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FEBRUARY 2, 1932

 

Governor Albert C. Ritchie of Maryland, and potential candidate for President, addressed a joint session of the Assembly in Frankfort.  In his remarks, he stated that the solution of governmental problems was to be found in a return to the age-old doctrine of home rule and local self-government.  He declared that the prohi- bition question had no place in the Federal Constitution.

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The annual banquet of the Glasgow Chamber of Commerce will be held at the

Spotswood Hotel on Friday night, February 5.  Chairman F. P. Williams, Mr.

R. L. Lessenberry, Dr. Gordon Clark, Judge Brents Dickinson and Mr. Ed N.

Caldwell are now busy seeing the members.  Should they miss you on their

rounds, call either of them or secure  your ticket from the Chamber of

Commerce office.  The presidents and secretaries of Chambers of Commerce

in adjacent towns have been invited to be our guests at this banquet.

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Warner G. Carver, Glasgow man now playing in Omaha as a member of the Kentucky Briar Hoppers, and Miss Pearl Carter, of Mount Herman, were granted a marriage license last week by Miss Bess Howard, City Clerk. After spending a few days here, Mr. Carver left Sunday to resume his work in Omaha.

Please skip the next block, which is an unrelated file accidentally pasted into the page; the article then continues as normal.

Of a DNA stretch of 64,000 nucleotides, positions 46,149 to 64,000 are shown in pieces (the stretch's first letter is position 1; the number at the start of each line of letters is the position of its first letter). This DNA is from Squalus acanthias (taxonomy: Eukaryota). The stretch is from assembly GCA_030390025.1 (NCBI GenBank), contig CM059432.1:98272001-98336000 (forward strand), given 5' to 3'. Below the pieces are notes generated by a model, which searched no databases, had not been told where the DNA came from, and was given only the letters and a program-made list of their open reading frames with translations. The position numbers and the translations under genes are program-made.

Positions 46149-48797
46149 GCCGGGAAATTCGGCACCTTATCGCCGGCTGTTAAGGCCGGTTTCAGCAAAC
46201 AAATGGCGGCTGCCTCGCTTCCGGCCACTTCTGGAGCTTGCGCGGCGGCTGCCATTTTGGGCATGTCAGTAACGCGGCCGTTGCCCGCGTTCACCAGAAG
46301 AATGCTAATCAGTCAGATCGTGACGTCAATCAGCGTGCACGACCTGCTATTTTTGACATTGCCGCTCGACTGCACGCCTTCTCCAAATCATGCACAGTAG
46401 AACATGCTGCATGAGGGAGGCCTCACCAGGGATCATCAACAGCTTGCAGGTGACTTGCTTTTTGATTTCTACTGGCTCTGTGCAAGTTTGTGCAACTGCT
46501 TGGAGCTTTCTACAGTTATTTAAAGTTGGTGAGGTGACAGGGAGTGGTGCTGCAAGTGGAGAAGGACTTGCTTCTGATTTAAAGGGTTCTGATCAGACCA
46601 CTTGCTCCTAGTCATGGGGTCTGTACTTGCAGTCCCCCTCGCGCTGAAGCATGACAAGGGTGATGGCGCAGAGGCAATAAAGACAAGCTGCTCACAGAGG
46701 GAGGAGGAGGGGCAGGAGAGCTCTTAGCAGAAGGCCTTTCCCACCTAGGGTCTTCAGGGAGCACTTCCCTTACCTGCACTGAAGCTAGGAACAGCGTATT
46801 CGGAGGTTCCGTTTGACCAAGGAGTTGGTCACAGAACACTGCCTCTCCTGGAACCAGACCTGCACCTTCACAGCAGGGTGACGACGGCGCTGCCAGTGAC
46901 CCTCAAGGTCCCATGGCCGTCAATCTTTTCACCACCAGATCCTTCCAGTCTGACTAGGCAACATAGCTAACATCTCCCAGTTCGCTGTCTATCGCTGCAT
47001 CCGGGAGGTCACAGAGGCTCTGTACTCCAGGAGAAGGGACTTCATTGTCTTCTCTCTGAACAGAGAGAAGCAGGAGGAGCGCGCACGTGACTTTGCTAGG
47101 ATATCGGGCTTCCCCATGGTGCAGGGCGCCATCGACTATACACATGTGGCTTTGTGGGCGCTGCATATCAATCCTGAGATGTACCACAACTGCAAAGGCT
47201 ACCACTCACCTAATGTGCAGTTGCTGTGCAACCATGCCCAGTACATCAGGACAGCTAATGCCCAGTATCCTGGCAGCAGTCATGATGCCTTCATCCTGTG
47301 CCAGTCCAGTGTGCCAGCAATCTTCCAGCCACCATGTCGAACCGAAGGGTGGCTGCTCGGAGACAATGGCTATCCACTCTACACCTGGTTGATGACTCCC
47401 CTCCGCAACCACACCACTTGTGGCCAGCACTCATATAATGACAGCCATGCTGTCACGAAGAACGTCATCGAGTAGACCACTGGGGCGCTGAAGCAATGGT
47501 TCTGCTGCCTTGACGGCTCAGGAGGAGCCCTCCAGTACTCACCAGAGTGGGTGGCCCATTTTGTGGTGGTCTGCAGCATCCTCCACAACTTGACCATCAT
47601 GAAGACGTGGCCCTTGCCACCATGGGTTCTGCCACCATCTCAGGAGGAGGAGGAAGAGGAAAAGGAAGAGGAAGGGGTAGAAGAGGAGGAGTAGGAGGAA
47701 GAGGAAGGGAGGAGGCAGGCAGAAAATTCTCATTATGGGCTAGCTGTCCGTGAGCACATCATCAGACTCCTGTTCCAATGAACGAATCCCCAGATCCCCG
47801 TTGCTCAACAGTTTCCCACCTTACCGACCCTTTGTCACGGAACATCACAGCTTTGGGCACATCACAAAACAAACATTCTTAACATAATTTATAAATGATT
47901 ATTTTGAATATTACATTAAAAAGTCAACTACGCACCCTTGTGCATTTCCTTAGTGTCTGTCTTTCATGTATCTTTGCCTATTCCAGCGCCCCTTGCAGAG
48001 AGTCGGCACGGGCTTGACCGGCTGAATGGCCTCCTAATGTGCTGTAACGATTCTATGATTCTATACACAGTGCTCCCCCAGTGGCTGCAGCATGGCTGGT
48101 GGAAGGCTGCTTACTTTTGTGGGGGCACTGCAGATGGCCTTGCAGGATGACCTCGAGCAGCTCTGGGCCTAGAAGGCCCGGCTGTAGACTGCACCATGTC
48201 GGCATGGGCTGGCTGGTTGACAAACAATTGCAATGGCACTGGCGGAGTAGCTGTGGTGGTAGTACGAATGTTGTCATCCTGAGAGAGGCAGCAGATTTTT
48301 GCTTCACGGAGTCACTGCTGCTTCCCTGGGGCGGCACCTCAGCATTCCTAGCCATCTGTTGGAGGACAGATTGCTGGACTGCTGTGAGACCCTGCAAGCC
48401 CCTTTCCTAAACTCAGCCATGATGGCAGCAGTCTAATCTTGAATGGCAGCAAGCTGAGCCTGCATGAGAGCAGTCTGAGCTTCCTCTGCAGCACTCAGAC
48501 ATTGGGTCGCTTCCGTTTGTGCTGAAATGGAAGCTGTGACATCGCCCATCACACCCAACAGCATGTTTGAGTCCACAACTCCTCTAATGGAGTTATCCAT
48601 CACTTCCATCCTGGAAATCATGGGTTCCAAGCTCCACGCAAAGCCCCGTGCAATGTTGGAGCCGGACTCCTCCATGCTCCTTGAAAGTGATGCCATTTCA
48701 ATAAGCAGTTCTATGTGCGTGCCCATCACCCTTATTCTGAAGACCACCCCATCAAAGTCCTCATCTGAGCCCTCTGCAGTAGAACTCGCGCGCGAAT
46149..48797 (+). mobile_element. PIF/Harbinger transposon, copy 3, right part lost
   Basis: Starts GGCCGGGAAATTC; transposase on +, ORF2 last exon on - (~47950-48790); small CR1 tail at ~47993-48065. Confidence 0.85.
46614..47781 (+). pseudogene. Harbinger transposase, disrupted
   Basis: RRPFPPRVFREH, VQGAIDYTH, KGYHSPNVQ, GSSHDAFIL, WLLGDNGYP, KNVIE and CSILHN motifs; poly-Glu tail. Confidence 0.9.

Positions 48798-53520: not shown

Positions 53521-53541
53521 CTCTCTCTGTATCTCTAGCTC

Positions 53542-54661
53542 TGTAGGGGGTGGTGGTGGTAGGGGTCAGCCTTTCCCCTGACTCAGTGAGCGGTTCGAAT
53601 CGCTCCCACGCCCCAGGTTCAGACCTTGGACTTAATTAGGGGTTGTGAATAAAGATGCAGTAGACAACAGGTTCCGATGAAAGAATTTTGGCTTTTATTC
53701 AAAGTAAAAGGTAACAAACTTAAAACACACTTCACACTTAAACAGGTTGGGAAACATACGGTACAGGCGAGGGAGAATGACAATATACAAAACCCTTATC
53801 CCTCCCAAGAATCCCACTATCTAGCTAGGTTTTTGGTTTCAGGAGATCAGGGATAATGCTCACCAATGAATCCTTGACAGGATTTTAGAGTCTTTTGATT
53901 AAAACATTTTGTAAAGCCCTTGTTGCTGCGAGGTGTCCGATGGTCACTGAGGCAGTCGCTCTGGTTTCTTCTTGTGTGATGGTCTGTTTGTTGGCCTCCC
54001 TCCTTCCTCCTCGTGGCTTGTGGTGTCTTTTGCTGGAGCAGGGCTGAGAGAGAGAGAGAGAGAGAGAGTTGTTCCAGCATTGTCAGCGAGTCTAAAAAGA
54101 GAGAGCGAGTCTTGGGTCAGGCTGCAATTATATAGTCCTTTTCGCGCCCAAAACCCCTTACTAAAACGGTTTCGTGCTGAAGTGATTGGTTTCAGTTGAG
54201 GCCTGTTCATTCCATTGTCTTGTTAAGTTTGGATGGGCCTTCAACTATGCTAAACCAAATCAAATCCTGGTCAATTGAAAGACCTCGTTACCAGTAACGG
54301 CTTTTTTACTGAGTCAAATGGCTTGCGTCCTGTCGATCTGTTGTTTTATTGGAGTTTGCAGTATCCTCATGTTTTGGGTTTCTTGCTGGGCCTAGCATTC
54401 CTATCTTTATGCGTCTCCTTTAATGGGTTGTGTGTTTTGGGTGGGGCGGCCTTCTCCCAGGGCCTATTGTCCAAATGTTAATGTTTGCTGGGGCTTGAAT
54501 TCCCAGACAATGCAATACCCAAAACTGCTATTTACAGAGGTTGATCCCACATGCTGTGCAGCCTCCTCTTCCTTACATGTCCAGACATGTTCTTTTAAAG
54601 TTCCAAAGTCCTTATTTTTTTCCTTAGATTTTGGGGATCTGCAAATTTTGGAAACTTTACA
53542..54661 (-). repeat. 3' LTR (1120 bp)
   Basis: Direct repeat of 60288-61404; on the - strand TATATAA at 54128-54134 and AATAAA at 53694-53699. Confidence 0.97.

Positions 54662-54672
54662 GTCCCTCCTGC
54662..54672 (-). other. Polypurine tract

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For the first time in the history of the Courier-Journal State Spelling

Bee, a combi- nation of written and oral work will be used to determine

the 1932 champion.  The written test will be taken by all of the spellers

representing 108 counties in Kentucky, but only the 20 to 40 spellers who

rank highest will participate in the final oral match that afternoon.

 

FEBRUARY 3, 1932

 

The triangular lot at the intersection of Leslie and Brown Streets is

advertised for sale on February 15.  This sale is to be held by virtue of

a judgment rendered at the last term of the Barren Circuit Court, and is